Primary Legislation – Primary Legislation is statute law that is passed by Parliament and goes through the full legislative process. Not all legislation can be passed in this way, there is simply not the parliamentary time to do this. For example, between 2017-2019 there were just 70 Acts of Parliament enacted.
Secondary Legislation – Secondary Legislation is also known as ‘delegated legislation’ and is essential for the effective administration of government. Secondary Legislation is initiated by a delegated person or body after they have been given the authority to do this through Primary Legislation. For example, in 2011 Parliament passed the Charities Act. One of the aims of this Act is for Parliament to decide the rules of who can and cannot be a charity. It would clearly not be possible for Parliament to carry out a detailed consideration of every case itself. Therefore, it delegates its power to the Charities Commission to make these decisions.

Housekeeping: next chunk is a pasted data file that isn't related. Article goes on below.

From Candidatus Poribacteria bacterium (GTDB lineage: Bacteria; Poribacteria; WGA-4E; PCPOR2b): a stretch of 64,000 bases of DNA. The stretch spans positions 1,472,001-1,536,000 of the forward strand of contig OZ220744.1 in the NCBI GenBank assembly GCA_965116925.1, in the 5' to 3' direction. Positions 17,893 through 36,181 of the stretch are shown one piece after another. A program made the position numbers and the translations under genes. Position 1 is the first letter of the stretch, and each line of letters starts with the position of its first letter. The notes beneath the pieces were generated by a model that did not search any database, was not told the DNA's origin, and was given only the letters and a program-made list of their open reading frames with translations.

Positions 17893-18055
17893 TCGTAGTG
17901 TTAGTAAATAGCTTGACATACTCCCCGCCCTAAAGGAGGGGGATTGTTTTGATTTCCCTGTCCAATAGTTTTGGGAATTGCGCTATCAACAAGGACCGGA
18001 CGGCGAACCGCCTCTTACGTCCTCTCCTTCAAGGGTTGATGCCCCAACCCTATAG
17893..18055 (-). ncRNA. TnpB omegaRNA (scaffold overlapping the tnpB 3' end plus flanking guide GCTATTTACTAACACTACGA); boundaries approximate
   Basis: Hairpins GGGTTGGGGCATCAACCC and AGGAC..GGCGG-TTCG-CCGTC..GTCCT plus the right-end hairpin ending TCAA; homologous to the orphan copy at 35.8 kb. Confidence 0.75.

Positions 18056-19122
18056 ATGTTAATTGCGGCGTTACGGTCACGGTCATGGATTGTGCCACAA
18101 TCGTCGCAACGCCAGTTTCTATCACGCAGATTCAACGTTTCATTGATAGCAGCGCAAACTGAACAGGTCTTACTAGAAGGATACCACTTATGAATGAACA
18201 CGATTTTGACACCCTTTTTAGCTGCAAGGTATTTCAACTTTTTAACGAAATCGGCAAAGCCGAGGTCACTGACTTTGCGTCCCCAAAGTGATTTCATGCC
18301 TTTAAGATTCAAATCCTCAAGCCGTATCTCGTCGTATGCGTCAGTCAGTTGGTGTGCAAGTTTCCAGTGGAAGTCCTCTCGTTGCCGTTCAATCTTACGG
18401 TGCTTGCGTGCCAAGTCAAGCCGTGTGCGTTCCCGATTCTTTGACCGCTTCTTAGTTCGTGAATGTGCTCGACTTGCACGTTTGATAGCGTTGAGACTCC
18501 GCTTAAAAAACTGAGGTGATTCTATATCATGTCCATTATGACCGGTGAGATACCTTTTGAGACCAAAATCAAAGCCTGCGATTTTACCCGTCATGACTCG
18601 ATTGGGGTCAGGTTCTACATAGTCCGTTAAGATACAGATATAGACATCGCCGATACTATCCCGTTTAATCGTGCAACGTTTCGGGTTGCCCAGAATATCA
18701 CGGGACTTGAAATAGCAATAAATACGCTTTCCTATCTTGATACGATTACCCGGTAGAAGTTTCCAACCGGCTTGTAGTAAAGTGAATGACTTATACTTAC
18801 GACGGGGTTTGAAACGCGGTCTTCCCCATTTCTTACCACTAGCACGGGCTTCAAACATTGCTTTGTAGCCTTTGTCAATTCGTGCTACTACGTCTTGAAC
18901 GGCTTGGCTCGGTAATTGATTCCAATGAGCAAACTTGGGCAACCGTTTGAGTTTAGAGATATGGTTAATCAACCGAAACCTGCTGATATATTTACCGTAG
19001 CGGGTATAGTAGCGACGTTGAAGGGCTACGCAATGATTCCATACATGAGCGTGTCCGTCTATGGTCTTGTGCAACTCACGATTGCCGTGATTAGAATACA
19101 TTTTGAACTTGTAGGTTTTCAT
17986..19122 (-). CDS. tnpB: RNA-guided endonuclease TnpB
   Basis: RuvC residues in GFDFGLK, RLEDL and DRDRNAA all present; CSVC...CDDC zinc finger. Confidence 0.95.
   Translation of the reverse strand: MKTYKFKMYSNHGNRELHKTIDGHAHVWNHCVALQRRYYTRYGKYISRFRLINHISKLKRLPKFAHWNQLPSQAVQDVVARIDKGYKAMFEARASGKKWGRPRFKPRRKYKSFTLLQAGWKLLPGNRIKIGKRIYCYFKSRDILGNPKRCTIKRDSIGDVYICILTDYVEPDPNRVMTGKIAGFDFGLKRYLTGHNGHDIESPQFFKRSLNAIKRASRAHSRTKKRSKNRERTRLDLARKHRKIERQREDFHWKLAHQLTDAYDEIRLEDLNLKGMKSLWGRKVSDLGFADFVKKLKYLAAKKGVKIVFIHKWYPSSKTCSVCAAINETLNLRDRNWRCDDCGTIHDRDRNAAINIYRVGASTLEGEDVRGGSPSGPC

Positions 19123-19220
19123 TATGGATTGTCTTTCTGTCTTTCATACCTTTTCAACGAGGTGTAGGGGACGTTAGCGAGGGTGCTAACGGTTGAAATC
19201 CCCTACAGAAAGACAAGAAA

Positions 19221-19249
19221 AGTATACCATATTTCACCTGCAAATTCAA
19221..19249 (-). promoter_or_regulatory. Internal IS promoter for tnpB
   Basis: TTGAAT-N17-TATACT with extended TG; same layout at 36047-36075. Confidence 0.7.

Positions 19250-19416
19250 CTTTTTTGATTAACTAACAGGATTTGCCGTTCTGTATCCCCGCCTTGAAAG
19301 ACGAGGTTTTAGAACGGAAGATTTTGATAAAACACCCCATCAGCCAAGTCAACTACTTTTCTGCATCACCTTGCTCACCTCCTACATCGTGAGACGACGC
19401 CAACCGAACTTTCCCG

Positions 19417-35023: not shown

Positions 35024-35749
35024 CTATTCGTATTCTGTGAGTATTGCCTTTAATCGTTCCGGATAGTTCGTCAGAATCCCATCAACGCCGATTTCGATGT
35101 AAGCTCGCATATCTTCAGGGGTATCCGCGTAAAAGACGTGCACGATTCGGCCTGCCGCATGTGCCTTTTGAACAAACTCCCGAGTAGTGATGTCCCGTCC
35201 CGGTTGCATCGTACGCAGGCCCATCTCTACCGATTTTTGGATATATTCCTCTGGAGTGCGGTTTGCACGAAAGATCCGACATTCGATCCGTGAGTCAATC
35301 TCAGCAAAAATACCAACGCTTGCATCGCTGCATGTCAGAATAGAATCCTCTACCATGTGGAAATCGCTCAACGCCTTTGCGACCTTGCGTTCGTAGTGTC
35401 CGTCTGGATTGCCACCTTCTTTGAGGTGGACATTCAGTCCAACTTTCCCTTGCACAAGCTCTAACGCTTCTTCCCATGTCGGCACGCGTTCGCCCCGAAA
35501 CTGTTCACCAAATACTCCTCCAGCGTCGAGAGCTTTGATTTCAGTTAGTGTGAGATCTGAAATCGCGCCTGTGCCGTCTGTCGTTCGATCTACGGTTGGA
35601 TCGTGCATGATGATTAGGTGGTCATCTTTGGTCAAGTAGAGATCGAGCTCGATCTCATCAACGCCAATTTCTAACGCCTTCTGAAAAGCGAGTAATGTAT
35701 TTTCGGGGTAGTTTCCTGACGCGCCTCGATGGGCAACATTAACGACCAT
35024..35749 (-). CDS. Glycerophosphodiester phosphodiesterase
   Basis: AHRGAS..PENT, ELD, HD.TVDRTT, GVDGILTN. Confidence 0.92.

Statutory Instruments – Statutory instruments are the most common way that secondary legislation is passed with around 3,500 being passed per year.
A list of all statutory instruments can be found here:
Statutory instruments are scrutinised by Parliament and this is done in one of two ways:
- Negative Resolution Procedure: This is by far the most common way of scrutinising statutory instruments. In this procedure, any statutory instrument has to be laid before Parliament for 40 days and will automatically become law unless either House votes against it in that time. In practice, this happens extremely very rarely. The last time a Statutory Instrument was voted against under this procedure was in February 2000.